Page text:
The Food Pyramid

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The Food Pyramid

What you will need

  • Chart showing the USDA Food guide Pyramid. It can be obtained at no cost from the US Department of Agriculture in Washington, D.C.
  • Picture of food (available from the Dairy Council or cut out pictures from food magazines)
  • Food that is served for breakfast, lunch, or snack
  • Small paper plates or napkins
  • Poster board
  • Markers

Words you can use

  1. Food
  2. Remember
  3. Like
  4. Bad
  5. Yucky
  6. Dislike
  7. Think
  8. Lunch
  9. Dinner
  10. Snack
  11. Triangle
  12. Pyramid
  13. Healthy
  14. Good
  15. Favorite
  16. Sick
  17. Eat
  18. Share
  19. Supper
  20. Breakfast
  21. Names of foods
  22. Shape

What to do

Show the children the Food Guide Pyramid. Let them take turns identifying the foods at each level of the pyramid. The bread, cereal, rice, and pasta group is at the base of the pyramid. Grainbased foods are rich in complex carbohydrates including fiber, vitamins, and minerals and should make up the bulk of the diet with six to eleven servings per day. The phrase "five a day" isused frequently to refer to the five fruits and vegetable that are next on the list of priorities. Depending on your age, two to three servings from the dairy products group as well as the meat ormeat alternates group are recommended. Fats, oils, and sweets take up the least space at the pyramid's narrower tip because they should be given the lowest priority in a healthful meal plan.

Draw a large pyramid on a large piece of poster board. Use a marker to divide the pyramid into six sections. Place the finished drawing on the floor.

Gather the children into a large circle around the pyramid drawing.

Place a small portion of one food item that they will be eating at lunch or snack on a small paper plate or napkin. Let the children identify and share what they know and feel about their fooditem. Tell the children that it's okay if they dislike or prefer certain foods. Give them the opportunity to talk about which foods they like and don't like to eat and have them explainwhy.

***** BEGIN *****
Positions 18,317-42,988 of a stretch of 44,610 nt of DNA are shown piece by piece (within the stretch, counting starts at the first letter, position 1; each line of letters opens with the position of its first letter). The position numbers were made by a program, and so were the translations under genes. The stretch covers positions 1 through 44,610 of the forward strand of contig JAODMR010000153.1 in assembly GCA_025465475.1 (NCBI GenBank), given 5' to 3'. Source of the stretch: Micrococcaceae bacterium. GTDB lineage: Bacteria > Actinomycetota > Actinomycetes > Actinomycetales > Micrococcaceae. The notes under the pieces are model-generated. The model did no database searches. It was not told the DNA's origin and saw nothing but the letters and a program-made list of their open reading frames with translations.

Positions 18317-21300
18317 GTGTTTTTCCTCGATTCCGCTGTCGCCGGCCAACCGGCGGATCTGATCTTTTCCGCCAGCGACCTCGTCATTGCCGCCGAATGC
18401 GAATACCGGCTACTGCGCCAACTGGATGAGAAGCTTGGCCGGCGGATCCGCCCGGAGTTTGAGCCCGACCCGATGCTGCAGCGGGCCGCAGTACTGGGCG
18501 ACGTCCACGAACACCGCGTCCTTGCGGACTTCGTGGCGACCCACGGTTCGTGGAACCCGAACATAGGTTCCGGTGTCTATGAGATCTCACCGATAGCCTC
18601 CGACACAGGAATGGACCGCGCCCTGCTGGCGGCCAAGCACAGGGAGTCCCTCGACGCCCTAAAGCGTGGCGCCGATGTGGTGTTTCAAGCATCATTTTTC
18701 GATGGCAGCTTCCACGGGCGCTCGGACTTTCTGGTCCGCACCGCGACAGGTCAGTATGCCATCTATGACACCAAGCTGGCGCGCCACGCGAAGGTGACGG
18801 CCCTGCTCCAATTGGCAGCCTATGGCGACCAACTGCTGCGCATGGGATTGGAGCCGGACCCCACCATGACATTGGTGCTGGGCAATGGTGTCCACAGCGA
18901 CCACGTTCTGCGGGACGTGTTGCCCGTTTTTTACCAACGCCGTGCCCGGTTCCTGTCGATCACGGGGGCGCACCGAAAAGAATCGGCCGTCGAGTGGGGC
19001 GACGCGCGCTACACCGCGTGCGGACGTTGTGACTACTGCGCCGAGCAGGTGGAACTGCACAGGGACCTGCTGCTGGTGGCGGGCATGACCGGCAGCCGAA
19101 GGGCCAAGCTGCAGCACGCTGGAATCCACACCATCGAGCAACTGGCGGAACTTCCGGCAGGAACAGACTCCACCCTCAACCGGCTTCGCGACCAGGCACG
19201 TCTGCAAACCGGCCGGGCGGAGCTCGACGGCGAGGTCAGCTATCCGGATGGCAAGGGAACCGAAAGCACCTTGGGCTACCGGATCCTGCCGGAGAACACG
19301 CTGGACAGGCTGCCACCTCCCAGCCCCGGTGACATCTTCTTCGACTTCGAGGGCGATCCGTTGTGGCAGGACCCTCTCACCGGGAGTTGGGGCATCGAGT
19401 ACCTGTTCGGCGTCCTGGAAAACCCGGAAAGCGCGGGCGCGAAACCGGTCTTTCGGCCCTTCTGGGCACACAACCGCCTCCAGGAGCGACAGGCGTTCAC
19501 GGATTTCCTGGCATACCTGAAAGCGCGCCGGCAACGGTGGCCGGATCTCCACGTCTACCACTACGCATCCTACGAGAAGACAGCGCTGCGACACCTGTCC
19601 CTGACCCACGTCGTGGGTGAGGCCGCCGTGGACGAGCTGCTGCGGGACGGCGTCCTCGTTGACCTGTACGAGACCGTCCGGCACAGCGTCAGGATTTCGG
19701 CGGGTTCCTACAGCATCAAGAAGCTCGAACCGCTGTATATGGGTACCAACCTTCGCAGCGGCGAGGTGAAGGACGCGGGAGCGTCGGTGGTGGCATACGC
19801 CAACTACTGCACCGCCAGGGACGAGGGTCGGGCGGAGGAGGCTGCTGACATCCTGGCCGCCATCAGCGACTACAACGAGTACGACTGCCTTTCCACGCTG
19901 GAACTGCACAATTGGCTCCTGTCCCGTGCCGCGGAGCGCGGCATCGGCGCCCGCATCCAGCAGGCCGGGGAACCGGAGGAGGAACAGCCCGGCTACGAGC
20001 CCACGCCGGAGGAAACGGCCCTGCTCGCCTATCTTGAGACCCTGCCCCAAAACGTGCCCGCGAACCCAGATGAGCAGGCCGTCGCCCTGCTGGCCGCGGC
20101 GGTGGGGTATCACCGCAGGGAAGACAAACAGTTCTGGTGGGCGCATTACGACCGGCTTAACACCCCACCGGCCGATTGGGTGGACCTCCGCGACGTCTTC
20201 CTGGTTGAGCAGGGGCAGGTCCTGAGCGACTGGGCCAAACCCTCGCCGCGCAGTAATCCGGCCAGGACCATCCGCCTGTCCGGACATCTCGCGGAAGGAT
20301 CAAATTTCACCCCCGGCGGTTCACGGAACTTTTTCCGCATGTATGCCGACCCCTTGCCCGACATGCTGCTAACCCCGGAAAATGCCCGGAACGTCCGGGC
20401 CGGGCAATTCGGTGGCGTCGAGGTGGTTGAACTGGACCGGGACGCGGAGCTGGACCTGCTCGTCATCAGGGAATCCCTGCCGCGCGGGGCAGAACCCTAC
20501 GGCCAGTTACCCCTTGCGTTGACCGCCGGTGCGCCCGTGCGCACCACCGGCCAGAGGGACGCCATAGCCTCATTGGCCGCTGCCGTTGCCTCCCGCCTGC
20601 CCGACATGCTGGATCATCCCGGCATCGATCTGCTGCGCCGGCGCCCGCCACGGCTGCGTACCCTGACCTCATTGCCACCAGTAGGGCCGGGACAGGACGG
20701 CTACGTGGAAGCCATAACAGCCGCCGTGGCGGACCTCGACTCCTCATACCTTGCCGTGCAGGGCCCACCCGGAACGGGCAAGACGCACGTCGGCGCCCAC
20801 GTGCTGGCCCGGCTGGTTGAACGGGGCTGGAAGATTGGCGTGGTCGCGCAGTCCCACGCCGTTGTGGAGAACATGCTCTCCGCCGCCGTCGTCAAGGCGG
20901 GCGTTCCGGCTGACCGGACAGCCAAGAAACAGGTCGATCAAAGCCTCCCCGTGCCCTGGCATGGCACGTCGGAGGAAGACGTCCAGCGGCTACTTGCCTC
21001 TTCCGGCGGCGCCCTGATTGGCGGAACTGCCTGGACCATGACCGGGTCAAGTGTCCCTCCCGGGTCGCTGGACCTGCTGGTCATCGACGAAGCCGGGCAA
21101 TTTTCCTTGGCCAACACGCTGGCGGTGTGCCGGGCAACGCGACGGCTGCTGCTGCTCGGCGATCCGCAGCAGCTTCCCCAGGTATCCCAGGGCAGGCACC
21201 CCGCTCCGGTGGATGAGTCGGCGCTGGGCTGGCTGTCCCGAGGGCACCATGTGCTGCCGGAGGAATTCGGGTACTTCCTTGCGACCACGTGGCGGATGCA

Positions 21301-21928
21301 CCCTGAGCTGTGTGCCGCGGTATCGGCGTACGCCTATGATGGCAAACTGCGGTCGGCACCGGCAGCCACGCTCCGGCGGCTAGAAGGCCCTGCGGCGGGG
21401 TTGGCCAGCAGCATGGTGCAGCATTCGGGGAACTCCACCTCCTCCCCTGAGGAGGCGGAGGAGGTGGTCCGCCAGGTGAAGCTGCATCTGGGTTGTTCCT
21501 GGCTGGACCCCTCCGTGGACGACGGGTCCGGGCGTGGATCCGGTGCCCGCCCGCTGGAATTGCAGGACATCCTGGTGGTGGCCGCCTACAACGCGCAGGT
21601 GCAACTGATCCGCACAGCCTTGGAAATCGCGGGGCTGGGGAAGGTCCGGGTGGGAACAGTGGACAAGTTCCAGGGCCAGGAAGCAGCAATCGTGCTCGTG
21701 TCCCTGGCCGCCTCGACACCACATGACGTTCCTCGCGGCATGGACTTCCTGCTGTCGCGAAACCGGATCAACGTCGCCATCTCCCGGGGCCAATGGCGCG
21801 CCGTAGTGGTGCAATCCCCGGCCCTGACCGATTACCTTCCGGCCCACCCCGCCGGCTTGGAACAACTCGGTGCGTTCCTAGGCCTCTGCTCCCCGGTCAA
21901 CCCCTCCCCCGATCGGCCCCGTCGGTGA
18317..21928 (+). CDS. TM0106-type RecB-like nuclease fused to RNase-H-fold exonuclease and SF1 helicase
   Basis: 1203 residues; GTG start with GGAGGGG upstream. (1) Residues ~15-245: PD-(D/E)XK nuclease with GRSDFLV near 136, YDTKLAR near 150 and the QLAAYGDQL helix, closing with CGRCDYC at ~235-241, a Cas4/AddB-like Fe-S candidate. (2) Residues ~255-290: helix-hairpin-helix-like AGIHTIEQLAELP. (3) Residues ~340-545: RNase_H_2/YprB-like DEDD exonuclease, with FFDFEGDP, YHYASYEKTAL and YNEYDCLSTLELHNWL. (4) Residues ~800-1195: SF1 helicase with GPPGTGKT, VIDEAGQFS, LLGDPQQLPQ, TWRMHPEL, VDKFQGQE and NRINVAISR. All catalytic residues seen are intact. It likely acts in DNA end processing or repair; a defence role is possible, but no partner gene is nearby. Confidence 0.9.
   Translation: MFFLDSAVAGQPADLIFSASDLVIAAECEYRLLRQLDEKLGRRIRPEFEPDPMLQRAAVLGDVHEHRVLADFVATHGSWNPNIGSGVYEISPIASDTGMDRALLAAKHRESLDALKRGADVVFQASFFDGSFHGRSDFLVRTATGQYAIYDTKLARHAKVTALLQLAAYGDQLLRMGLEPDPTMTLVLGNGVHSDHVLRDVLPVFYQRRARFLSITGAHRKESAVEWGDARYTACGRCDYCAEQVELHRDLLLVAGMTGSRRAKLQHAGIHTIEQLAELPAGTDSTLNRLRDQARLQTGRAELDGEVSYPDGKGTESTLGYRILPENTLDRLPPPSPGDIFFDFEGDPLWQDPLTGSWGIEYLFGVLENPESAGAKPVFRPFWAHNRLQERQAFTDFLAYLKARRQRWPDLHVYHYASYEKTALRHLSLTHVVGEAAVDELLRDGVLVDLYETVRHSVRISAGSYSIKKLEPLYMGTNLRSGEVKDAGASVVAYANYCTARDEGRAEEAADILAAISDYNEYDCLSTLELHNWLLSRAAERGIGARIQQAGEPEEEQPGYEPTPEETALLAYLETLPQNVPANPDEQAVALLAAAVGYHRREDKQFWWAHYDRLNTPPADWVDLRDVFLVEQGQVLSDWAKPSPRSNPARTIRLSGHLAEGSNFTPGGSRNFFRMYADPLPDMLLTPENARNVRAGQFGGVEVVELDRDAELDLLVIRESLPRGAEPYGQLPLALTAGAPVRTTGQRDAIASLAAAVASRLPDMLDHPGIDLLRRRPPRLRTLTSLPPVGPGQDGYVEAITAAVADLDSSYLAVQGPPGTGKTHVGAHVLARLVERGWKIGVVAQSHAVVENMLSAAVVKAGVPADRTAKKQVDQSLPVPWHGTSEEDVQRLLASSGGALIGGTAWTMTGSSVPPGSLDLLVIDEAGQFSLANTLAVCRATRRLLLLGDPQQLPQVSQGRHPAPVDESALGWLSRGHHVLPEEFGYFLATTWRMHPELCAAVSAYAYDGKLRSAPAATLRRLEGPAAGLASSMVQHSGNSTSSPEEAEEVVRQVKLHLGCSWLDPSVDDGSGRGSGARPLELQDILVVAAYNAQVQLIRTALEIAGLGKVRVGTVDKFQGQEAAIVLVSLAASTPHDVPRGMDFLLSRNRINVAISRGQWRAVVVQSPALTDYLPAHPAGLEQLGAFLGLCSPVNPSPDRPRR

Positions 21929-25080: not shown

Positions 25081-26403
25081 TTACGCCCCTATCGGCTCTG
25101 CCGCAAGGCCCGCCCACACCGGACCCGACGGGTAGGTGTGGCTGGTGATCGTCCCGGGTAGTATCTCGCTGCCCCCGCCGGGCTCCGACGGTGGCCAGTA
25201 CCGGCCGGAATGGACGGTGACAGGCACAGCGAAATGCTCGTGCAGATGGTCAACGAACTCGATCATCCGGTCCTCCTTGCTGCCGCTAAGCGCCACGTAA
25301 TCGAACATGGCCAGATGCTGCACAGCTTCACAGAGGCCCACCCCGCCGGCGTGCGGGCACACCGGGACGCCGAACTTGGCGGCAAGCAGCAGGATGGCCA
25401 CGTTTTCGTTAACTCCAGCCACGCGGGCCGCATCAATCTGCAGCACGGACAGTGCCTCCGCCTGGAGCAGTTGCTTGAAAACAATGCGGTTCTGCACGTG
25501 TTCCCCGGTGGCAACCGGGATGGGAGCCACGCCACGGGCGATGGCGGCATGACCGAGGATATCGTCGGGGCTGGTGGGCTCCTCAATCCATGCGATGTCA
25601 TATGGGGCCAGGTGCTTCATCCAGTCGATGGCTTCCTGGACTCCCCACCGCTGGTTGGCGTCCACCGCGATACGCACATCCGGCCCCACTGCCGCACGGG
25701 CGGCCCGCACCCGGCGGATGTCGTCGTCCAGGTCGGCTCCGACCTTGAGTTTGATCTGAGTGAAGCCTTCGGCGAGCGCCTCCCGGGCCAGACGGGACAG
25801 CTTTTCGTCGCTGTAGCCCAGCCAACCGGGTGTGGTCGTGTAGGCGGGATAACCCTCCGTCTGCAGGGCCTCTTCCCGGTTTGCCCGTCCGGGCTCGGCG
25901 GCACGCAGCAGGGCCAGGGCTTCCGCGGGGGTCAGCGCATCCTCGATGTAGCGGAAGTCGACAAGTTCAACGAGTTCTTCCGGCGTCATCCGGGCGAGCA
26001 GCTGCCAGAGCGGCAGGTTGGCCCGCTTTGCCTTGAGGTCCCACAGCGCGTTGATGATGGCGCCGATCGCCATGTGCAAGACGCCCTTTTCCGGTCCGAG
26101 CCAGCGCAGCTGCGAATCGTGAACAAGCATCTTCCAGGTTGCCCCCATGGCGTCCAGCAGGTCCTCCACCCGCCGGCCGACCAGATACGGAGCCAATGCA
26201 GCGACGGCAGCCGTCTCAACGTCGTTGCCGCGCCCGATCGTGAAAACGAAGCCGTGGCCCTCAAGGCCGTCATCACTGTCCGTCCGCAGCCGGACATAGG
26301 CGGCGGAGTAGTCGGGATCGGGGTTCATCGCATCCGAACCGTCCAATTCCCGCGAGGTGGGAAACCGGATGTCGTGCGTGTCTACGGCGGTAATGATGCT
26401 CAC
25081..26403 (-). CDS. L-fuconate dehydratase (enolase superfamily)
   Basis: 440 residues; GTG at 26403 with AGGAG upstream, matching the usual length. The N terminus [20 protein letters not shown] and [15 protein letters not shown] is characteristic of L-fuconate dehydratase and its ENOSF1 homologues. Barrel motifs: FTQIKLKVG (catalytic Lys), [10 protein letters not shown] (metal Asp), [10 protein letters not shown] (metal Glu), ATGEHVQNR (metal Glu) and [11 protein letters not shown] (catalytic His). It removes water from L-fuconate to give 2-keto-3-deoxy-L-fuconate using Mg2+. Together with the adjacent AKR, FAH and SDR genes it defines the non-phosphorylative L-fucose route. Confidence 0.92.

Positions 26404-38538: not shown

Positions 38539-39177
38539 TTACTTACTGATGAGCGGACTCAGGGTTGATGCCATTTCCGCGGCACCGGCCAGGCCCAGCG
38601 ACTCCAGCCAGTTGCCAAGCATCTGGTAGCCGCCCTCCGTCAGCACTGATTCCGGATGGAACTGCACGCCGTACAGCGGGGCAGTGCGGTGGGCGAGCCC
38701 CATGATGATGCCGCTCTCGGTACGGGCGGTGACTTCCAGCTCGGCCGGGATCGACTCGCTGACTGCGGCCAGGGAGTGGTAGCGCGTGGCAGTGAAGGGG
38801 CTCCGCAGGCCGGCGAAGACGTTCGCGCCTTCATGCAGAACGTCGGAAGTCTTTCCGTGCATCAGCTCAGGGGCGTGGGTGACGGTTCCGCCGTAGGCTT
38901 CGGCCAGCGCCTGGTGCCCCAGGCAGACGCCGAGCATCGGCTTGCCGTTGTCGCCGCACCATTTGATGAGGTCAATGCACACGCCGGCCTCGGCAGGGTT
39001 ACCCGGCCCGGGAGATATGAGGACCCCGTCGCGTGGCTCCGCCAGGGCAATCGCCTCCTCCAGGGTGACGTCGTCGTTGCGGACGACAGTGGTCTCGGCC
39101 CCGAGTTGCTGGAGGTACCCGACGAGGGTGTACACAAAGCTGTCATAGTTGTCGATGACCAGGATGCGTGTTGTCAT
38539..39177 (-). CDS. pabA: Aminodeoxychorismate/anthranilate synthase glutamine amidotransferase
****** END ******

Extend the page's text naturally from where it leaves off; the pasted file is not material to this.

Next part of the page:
Using the USDA Food Pyramid as a guide let the children place the real food (on the napkin) that they will be having for lunch or snack into the appropriate section of the pyramid.

Discuss the importance of eating a variety of foods all the groups and that all the foods that we eat can help us grow.


Talk about the foods that the children had for dinner last night. Record the foods on a chart as the children talk. Follow the steps I the original activity. Do the results show that the childrenare eating balanced diets? This activity presents an excellent opportunity for a newsletter article that can be sent to families about learning the importance of a balanced diet and how the USDA FoodPyramid can help them understand how to eat a balanced diet.

Let the children choose a colored picture of a food item that they food item that they foods would be in the Food Pyramid, creating their own living pyramid. If steps are available, this willincrease the visual aspect of the pyramid.

Take a photograph of this "living triangle," and send a copy of it home with each child to promote conversation.

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